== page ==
Design

Peter Newman adds UFO public bench to Canary Wharf to "encourage contemplation of the sky"


UFO public bench by Peter Newman at Canary Wharf

British artist Peter Newman has installed a flying-saucer-shaped bench named Skystation between Foster + Partners Crossrail Place and Cesar Pelli’s One Canada Square skyscraper in Canary Wharf, London.

Described by the artist as “an interactive public sculpture and seat,” the circular bench was recently installed in the London financial district to encourage people to stop, recline and look up at the sky.

UFO public bench by Peter Newman at Canary Wharf
Peter Newman installed a UFO-shaped public bench at Canary Wharf

“The contours are designed to fit the reclining human form and encourage contemplation of the sky and the architecture that frames it,” Newman told Dezeen.

“It creates an opportunity for pause, reflection and interaction within the public realm. Gravity puts the past beneath us, so looking up is akin to thinking about the future.”

UFO public bench by Peter Newman at Canary Wharf
Skystation can seat up to 12 people

The aluminium-bronze bench, which is the latest in the series that have been installed at various locations in the UK, resembles a flying saucer.

Although the artist didn’t deliberately create a UFO form, he believes it aligns with the aims of the installation.

Aerial view of Canary Wharf
The bench is located between Crossrail Place and One Canada Square. Photo courtesy of Google Landsat / Copernicus

“I didn’t set out to create a UFO shape,” explained Newman. “It was something that emerged during the design process, but once it did I embraced it.”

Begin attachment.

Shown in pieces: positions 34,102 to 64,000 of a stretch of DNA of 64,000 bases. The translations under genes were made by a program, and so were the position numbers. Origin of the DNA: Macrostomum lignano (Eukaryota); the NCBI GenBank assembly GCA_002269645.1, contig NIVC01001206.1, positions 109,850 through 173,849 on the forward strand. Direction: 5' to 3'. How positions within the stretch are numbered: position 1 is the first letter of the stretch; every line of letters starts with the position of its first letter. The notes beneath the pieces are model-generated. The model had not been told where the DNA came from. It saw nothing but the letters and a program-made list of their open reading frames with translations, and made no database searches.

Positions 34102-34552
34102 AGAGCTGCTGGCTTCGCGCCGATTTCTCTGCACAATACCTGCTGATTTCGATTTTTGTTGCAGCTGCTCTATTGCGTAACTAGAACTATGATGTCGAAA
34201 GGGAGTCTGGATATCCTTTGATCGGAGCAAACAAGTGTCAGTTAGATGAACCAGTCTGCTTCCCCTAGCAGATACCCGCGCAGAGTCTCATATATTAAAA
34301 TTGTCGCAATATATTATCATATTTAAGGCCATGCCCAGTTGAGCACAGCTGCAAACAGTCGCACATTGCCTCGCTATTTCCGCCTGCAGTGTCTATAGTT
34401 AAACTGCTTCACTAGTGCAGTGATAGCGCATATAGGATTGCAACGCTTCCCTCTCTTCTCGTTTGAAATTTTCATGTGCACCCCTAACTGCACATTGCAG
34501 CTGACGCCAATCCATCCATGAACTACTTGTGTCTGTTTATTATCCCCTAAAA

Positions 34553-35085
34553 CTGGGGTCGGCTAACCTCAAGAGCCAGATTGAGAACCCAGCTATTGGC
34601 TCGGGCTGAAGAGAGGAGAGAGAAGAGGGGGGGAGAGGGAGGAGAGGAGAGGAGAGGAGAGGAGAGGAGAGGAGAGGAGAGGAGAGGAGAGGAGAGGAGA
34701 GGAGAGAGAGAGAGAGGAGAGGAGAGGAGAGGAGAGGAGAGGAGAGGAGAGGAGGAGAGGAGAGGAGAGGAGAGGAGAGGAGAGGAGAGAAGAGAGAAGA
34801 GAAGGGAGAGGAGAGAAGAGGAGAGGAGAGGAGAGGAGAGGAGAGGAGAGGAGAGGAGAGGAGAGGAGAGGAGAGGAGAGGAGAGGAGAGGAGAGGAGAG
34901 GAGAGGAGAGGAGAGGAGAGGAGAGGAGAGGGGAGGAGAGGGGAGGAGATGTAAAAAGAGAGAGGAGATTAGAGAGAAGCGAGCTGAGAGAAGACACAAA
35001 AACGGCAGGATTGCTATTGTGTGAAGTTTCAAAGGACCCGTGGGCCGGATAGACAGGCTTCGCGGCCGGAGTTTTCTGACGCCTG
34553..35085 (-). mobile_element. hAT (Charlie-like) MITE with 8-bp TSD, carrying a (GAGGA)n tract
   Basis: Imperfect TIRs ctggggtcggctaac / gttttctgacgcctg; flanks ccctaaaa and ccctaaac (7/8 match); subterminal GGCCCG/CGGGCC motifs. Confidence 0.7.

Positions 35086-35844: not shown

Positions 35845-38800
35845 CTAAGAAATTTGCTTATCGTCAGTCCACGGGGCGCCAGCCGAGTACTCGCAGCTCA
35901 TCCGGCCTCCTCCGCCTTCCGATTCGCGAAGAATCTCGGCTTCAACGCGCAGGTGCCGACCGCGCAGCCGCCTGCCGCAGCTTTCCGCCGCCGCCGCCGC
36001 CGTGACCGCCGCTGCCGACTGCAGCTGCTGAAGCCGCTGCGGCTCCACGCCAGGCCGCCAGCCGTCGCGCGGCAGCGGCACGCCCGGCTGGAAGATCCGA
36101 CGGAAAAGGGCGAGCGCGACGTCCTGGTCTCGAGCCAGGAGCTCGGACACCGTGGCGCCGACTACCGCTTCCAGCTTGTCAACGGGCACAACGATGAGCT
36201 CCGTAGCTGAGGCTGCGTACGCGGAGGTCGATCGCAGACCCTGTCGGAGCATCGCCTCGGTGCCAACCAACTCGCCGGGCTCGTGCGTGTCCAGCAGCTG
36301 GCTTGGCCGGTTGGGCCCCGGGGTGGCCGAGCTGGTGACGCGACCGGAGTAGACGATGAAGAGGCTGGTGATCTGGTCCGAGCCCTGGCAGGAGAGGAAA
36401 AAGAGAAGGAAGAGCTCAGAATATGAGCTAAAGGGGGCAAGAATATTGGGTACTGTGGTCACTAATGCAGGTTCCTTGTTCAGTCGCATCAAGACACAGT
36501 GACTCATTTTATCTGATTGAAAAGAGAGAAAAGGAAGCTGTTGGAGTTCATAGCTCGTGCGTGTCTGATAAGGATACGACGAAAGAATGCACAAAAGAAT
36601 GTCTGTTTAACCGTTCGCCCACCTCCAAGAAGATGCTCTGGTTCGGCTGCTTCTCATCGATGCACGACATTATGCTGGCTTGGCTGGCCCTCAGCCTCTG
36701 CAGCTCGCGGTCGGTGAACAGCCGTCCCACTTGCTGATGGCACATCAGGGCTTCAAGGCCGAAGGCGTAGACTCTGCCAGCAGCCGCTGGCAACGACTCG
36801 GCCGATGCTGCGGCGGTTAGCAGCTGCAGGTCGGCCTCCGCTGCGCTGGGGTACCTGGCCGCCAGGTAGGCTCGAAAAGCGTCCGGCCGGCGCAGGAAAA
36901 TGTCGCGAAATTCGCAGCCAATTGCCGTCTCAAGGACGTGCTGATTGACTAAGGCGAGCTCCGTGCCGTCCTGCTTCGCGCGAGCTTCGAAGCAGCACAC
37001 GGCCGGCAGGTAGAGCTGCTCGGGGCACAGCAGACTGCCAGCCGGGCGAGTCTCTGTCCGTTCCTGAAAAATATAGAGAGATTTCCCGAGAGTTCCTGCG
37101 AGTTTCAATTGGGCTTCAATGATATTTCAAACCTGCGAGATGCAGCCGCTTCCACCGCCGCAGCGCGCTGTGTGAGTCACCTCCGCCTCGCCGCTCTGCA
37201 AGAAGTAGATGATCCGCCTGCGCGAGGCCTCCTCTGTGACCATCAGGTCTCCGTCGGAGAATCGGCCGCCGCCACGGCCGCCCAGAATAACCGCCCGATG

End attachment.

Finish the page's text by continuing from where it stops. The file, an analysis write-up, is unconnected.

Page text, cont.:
“As an unexpected object to encounter in a public space it does suggest it’s meant to be enjoyed. I like aerodynamic aesthetics and that it looks like it could travel,” he continued.

UFO public bench by Peter Newman at Canary Wharf
It was informed by the LC4 chaise longue

The bench was designed to be a comfortable place to sit for multiple people and was informed by the shape of the LC4 chaise longue.

One of the 20th century’s best know pieces of furniture, the chair was designed by architects Le Corbusier, Pierre Jeanneret and Charlotte Perriand.

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“I admired the LC4 for a long time,” explained Newman. “The way the shape is so closely informed by the human body. I like the generosity of the design and the supremely relaxed seating position.”

“The LC4 still looks modern today and is one of the most comfortable seats out there,” he continued.

“But it’s a very singular chair and not for socialising. I wondered what would happen if you spun the profile through 360 degrees.”

Newman describes the bench as “an interactive public sculpture”

Newman designed the form of the bench, which can seat up to 12 people, to be as simple as possible.

“It’s a sculpture completed by the act of using it,” he said.

“Art and design come alive through interactions with the people experiencing it. This has a physical and visible expression with Skystation, but also a cerebral one as it offers a space for reflection and conversation.”

Aluminium-bronze bench
It was made from aluminium bronze

The Skystation bench was recently unveiled in Canary Wharf near the entrance to the recently opened Elizabeth Line railway station. The station sits underneath the Foster + Partners-designed Crossrail Place shopping centre, which opened in 2015.

The photography is by Peter Newman, unless stated.

The post Peter Newman adds UFO public bench to Canary Wharf to "encourage contemplation of the sky" appeared first on Dezeen.



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